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Hon-Ming Lam

Blood, Soybeans, and Change

My Second Trip to South Africa

Tim Johnson/Unsplash


English Translation of Professor Hon-Ming Lam’s Articles During 6-20 January 2017.


Prelude: Science Without Borders

In February 2013, I participated in the World Soybean Research Conference in Durban, South Africa. A South African representative discussed agriculture's importance in achieving post-colonial economic equality: he thought that soybeans would play a vital role as a cash crop. I put those words in my heart.

Later, I got to know some South African soybean researchers by chance, and we gradually ramped up our collaborative efforts. TF and I set off for an academic presentation at the South African Association of Botanists Conference; we would also visit universities and go into the fields to renew our bonds with South African science. (Editors' note: Professor Ting-Fung "TF" Chan is an Associate Professor of the School of Life Sciences of the Chinese University of Hong Kong and the Co-director of Hong Kong Bioinformatics Centre.)

When I take Hong Kong's scientific innovation to the world, technologically advanced countries in Europe and America shouldn't be the only options. Developing regions such as Africa are equally important, and they present even more opportunities.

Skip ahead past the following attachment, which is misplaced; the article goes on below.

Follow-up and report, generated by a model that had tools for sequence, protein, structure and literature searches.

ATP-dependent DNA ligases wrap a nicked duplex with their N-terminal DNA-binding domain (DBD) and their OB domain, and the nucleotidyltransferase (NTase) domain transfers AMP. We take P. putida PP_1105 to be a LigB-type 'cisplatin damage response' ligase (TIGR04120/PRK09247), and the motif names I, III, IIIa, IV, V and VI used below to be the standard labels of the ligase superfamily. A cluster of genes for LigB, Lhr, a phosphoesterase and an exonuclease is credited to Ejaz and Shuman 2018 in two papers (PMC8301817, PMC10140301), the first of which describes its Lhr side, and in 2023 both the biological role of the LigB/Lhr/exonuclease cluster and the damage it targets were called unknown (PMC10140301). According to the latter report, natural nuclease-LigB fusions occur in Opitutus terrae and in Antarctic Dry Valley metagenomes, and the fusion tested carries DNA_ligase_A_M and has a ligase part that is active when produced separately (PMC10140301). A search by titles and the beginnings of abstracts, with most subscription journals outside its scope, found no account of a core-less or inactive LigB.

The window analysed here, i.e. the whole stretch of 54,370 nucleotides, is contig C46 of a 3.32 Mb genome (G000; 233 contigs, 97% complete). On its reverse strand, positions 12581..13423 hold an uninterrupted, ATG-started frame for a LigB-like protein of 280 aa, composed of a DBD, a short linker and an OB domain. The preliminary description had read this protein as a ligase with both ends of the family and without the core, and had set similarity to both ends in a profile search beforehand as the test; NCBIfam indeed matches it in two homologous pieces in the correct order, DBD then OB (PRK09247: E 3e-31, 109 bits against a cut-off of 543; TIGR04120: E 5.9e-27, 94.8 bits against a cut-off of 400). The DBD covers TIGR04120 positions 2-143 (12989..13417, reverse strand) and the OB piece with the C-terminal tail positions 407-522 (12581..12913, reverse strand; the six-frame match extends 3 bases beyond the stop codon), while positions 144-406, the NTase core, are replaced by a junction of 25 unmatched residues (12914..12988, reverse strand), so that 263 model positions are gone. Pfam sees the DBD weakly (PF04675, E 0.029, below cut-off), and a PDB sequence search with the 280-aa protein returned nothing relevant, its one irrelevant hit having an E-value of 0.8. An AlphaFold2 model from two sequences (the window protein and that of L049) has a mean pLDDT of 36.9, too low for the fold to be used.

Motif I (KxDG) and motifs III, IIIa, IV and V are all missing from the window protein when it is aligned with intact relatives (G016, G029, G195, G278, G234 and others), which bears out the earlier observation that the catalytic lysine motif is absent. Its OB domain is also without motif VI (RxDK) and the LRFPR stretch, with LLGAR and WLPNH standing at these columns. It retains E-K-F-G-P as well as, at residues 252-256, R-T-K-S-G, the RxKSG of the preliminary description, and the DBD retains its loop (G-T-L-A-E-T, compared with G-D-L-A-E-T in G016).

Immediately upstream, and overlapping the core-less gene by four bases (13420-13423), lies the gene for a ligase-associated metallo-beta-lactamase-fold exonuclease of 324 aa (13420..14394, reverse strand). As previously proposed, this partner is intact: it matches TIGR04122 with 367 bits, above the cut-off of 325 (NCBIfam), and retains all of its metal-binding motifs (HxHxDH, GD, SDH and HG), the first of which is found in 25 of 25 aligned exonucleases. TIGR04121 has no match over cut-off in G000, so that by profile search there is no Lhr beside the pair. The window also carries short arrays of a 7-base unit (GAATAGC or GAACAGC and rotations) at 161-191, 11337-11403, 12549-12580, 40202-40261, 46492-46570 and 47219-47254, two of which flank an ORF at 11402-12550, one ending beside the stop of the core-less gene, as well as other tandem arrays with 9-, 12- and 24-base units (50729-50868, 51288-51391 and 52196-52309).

Science knows no borders; next stop: South Africa.


Cape Town

Before setting off to South Africa, I had a discussion on soybean research with an acquaintance in academia. I told my friend that the global trade value of soybeans reached dozens of billions of dollars. My friend said that the profit margin of a successful drug would be far more than that number.

When a person dies from hunger every few seconds in our world, and hundreds of millions of people suffer from malnutrition, we can't neglect food shortage.

Although food and medicine are both safeguards to the survival of humanity, different people have different reactions towards the two. Poor people worry the most about not having money to purchase food, while rich people worry the most when their money cannot be used to buy effective drugs. Developed countries with resources invest way, way more funds into drug research than agricultural research; as a result, they could attract qualified scientific research personnel to join their ranks.

When a person dies from hunger every few seconds in our world, and hundreds of millions of people suffer from malnutrition, we can't neglect food shortage.

For many developed countries, multinational corporations play a key role in agricultural research. If mishandled, it would become multinational dominance, potentially suffocating the agricultural development of developing countries. Hence, developing countries need to have their independent agricultural research as a safeguard towards long-term food security.

Coming to South Africa for the Conference, I hope to deepen my understanding of the agricultural development outlook of African countries; I am more than eager to begin collaborative research.

In the “food security”-themed conference on 9 January, TF and Hon-Ming delivered an academic report; they also made many new friends. (Courtesy of Hong-Ming Lam)